Disclaimer: This work was produced by one of our professional writers as a learning aid to help you with your studies.
Any opinions, findings, conclusions or recommendations expressed in this material are those of the author and do not necessarily reflect the views of Parallelewelten.net.
If you would like to view samples of the work produced by our academic writers please click here.
KD v Chief Constable of Hampshire  EWHC 2550
Conduct of a police officer during interviews – Harassment – Damages – Human Rights
KD was interviewed by a police officer DC Hull (H) in an investigation of rape involving KD’s daughter and KD’s former partner. In the course of the investigation, H asked questions and required detailed answers involving intimate details about KD’s sexual history with her former partner. KD believed that this information was taken to satisfy H’s sexual interest and was not relevant to the case. KD also claimed that H visited and called her home for personal discussions about his or her private life unrelated to the investigation, touched her sexually, made sexual remarks to her, followed or stalked her in public places, and that H’s conduct amounted to harassment and assault (battery). KD raised an action under the Protection from Harassment Act 1997 (1997 Act) against the Chief Constable of Hampshire (D), H’s employer, claiming damages for battery and harassment on the basis of vicarious liability for H’s conduct in the course of his employment.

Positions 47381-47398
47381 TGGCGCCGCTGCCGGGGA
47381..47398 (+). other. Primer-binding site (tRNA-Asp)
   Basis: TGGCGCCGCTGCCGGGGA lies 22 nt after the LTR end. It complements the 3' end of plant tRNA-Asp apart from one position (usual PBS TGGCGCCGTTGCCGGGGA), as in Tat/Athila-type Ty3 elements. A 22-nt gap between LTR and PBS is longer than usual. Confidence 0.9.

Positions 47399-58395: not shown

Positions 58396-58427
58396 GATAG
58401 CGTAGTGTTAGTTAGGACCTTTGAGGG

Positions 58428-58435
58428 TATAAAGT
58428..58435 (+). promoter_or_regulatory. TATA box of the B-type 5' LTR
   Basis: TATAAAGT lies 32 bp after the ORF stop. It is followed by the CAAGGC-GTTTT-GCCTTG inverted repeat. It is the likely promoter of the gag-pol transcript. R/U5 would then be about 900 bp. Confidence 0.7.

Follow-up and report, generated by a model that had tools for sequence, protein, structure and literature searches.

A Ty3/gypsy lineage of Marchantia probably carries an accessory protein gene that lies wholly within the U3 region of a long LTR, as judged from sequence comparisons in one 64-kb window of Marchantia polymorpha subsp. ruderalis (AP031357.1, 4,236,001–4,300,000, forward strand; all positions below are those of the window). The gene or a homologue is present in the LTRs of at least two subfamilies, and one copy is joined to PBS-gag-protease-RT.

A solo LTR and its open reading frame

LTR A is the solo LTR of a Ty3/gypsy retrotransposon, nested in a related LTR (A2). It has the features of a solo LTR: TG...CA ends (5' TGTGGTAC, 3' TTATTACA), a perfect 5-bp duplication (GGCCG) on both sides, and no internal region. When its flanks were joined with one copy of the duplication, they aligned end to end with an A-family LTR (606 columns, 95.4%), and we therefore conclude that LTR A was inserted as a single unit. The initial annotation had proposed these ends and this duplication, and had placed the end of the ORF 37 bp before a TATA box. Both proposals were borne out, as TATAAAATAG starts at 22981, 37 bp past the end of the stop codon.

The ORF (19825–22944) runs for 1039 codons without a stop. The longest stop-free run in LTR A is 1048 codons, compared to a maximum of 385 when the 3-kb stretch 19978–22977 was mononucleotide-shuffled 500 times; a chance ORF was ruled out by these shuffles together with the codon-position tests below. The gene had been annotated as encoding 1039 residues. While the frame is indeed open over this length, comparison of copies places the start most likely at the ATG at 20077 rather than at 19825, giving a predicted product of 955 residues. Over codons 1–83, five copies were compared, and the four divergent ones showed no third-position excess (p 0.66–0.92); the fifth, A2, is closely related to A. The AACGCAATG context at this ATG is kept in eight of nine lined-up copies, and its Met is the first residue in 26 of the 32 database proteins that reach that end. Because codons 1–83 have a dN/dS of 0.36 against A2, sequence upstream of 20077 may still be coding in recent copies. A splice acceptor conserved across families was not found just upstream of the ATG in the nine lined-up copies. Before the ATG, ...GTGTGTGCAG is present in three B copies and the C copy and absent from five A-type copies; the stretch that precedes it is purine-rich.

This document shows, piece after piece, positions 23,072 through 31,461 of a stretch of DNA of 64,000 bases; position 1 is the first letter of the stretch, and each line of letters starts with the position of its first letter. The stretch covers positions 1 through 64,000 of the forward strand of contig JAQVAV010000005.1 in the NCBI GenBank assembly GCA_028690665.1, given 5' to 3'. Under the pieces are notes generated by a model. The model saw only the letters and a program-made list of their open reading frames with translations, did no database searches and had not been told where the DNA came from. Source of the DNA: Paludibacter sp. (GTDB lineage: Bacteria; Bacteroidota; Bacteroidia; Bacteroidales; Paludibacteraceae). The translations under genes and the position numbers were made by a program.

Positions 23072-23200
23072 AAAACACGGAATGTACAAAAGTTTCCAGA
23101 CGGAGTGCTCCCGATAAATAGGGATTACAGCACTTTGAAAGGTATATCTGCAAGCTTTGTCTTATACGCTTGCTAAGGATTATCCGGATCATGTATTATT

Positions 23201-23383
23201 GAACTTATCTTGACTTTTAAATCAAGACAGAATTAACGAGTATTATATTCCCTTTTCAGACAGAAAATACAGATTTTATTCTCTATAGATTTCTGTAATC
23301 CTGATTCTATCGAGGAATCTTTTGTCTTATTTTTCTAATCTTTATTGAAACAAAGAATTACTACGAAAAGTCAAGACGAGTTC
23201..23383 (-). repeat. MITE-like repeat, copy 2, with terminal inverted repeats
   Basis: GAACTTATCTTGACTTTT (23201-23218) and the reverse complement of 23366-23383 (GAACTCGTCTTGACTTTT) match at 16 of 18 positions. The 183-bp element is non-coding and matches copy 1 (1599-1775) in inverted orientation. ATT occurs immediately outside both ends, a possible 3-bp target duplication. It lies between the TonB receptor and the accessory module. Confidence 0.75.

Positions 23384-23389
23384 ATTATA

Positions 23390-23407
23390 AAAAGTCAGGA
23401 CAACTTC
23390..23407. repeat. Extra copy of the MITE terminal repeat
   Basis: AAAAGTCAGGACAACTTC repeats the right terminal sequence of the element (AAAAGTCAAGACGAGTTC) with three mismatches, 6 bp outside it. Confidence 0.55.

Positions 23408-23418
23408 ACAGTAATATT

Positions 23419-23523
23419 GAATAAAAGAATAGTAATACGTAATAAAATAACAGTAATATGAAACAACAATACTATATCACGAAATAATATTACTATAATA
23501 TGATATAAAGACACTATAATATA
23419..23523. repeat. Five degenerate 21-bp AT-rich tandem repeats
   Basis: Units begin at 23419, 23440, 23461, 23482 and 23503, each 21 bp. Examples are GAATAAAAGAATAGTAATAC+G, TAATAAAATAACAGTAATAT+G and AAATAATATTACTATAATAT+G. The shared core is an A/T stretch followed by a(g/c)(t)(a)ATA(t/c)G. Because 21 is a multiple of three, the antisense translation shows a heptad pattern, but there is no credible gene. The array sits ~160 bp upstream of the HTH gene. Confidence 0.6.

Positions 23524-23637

D and H claimed that under section 1(3)(a) of the 1997 Act conduct pursued ‘for the purpose of preventing or detecting crime’ was a legitimate exception to the Act. D claimed that where H acted in the honest belief that the conduct was pursued for that purpose, there could be no liability under the 1997 Act.
H’s course of conduct amounted to harassment and battery. The course of conduct by H was completely unacceptable as a police officer, and therefore could not come within the section 1(3)(a) exception of the 1997 Act as it was unnecessary and disproportionate to the aim of ‘preventing and detecting crime’ and therefore infringed KD’s right to private life under Article 8 of the European Convention on Human Rights. KD was awarded damages, and it was just and equitable for H to indemnify the D.
Related ServicesView all
DMCA / Removal Request
If you are the original writer of this essay and no longer wish to have the essay published on the UK Essays website then please.